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-   -   Getting the most out of a bench shirt (http://www.muscleandbrawn.com/forum/showthread.php?t=11143)

J_Byrd 09-18-2012 10:36 AM

Getting the most out of a bench shirt
 
Nice article. Good information.

Ironland - Powerlifting, Strongman and Strength training equipment

BendtheBar 09-18-2012 10:39 AM

Posting the article. because it is a store I', hoping they won't mind the exposure:

Ironland - Powerlifting, Strongman and Strength training equipment

Ironland - Powerlifting, Strongman and Strength training equipment

Ironland - Powerlifting, Strongman and Strength training equipment

Ironland - Powerlifting, Strongman and Strength training equipment

Quote:

How to get the most out of your bench shirt

By John Land

Training or competing in a bench shirt is extremely demanding and taxing on the body. It takes some lifters years to master and to get the most out of their gear. For example, take two lifters of the same size, build and type of shirt who have been training in a shirt for the same amount o f time. Lifter – 1 benches 400lb raw and 550lb in a shirt yet Lifter – 2 benches 400lb raw and 650lb the same type of shirt. What is the main difference in their training that would cause that such a large gap in their numbers?

From my point of view let’s key in on what Lifter 2 is doing right.

Confidence

Before you start putting up the big numbers you have to feel comfortable in your shirt. I don’t mean it should fit like a night gown and makes you feel relaxed wanting to take a nap. Or even better get some coffee with the girls then get your hair done on a Sunday afternoon. No, what I mean is that once you put the shirt on it should feel like an extension of you. Once the bar is un-racked the only thought that crosses your mind is that you will nail the lift and nothing else. As the bar gets closer to touching, you should not feel like the angle of death is upon you waiting for you to get crushed or as you’re pressing the bar back up being afraid it will smash you in the face if it is miss-grooved. “Life is too short to be a chicken shit”, so if you’re scared you will never succeed.

Form

Good form starts with a good base. Depending on what federation you lift in it will determine how you can set up on the bench. Other than some small differences here are the main key factors:
1) Think about making your shoulder blades touch together squeezing every muscle in your upper back. Think about this, when the bar is un-racked and your upper back is loose there is not much control over the bar causing you to lose control in turn dumping the bar.
2) Arch your lower back as much as possible. This will require a lot of stretching and practice. The idea is that the height the bar must travel will be reduced (it is easier moving something 6”-8” than 12”-15”). A lot of foam rolling or using a PVC pipe will help loosen the muscles in your lower back, in turn making it easier to get into position.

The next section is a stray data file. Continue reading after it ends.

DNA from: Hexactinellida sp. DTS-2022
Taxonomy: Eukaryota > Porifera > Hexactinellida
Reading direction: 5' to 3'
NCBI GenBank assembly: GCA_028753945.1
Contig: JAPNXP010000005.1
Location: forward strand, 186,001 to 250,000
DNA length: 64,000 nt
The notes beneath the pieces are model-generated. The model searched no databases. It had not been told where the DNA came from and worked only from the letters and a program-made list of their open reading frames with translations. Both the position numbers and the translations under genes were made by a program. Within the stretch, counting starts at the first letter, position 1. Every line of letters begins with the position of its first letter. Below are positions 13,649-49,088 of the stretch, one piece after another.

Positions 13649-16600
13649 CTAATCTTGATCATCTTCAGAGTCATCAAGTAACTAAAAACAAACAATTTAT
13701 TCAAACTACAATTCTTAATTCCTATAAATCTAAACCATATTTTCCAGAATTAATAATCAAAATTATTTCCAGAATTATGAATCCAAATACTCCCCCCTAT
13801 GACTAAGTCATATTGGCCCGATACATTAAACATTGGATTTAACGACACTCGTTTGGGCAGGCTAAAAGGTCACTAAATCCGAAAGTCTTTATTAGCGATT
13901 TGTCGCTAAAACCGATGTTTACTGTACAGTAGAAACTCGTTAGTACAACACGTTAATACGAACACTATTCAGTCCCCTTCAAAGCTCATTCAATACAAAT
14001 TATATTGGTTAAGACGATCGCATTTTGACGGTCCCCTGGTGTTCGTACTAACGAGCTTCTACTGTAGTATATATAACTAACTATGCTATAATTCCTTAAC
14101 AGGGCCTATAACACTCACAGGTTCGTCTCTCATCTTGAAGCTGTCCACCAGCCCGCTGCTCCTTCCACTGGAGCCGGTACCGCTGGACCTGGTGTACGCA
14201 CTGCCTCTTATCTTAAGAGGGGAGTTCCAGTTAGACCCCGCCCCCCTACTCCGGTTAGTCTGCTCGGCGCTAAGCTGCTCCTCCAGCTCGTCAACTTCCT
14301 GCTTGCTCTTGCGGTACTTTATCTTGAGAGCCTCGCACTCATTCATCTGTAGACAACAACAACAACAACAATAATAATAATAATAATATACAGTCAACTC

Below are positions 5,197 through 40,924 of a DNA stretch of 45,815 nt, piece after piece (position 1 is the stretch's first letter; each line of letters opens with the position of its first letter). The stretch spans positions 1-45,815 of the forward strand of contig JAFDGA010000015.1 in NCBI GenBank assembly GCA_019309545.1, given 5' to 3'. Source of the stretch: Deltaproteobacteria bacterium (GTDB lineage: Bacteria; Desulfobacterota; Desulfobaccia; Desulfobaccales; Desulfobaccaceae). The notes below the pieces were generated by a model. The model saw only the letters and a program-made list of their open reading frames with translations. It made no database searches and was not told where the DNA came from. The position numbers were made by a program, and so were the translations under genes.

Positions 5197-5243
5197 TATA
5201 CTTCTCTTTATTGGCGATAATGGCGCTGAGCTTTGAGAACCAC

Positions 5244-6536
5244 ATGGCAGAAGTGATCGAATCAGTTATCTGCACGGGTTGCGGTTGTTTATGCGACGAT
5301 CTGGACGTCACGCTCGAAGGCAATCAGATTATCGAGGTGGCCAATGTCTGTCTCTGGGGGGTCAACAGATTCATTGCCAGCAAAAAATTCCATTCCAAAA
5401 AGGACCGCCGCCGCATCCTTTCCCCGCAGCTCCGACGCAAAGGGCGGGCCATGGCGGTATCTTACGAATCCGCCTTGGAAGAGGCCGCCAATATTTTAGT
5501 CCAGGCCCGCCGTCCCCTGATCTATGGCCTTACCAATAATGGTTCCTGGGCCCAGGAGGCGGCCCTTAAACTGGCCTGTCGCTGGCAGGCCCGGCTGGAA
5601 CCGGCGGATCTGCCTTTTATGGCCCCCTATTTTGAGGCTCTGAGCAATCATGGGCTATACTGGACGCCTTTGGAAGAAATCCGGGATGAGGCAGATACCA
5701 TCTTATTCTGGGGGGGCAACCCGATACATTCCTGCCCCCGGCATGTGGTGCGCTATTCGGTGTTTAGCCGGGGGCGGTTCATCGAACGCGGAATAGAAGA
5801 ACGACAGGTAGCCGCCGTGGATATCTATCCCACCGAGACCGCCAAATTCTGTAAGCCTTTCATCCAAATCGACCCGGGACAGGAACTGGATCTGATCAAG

3) Set your feet. Whether you bench on your toes or flat footed it is important to tuck your feet as far back as you can. Why? Leg drive plays a big part when lifting max effort. If your legs are too far out in front of you they are completely taken out of the lift and in turn not assisting at all.
4) Have a wide grip. Along with making the distance shorter in your bench stroke it will also give you more control over the bar. Having your hands too close will cause the bar to be in control of you.

Size/Brand/Style

This is all about trial and error. There is nothing wrong with “hand me downs”, so before you spend a couple hundred dollars on something that may not work barrow your buddies. Over time you will learn where your groove is and what is too “tight” or what doesn’t work for you. A good fitting shirt should not be too small where it is impossible to touch or get your hands out to proper width, but it should not be too loose that touching 135 is like a walk in the park. This will take some time, but hang in there Cinderella you will find your glass slipper.
Overload
If you want to bench more, you have to “bench more”. When doing board presses take advantage of the fact that it is not a full range rep, and just lift more. There is no magic percentage to follow because it varies from lifter to lifter. However, the trick is to push yourself and project what you want to accomplish. If you are a 500lb bencher and when using a 3 board the heaviest set is 450lbs, I would consider that a waste of time. Change it up. Chains and bands are not just for squatting and deadlifting anymore. If implemented correctly they will add a whole new level to your strength.

T.I.T

Time in touching. Every time you put on your shirt to train you should practice touching at least one or two sets. Too many times I’ve seen lifters bench 700-800lbs onto boards then bomb at a meet with 600lbs. The main reason is because they have no idea where the bar is supposed to travel. They get lost half way down and just hope for the best. Would you attempt to jump the Grand Canyon on a motorcycle if you had only been practicing jumping over ant hills on your little sister’s pink tricycle? No because that would be stupid, and so would not practicing full range reps.
This is just the top layer of what it takes to bench big in a shirt, but with time and commitment the sky’s the limit on how much you can get out of your shirt.




About the author:

John Land has been a strength athlete for 13 years with the last 8 dedicated to powerlifting. Over that time he set several AAPF/AWPC state, national and world junior records in the bench press. More recently he has founded Ironland, Inc (ironlandequipment.com) a company that provides powerlifting, strongman and general strength equipment. To date his best competitive bench press is 628 lbs @ a body weight of 177 placing him 14th on the all-time list.


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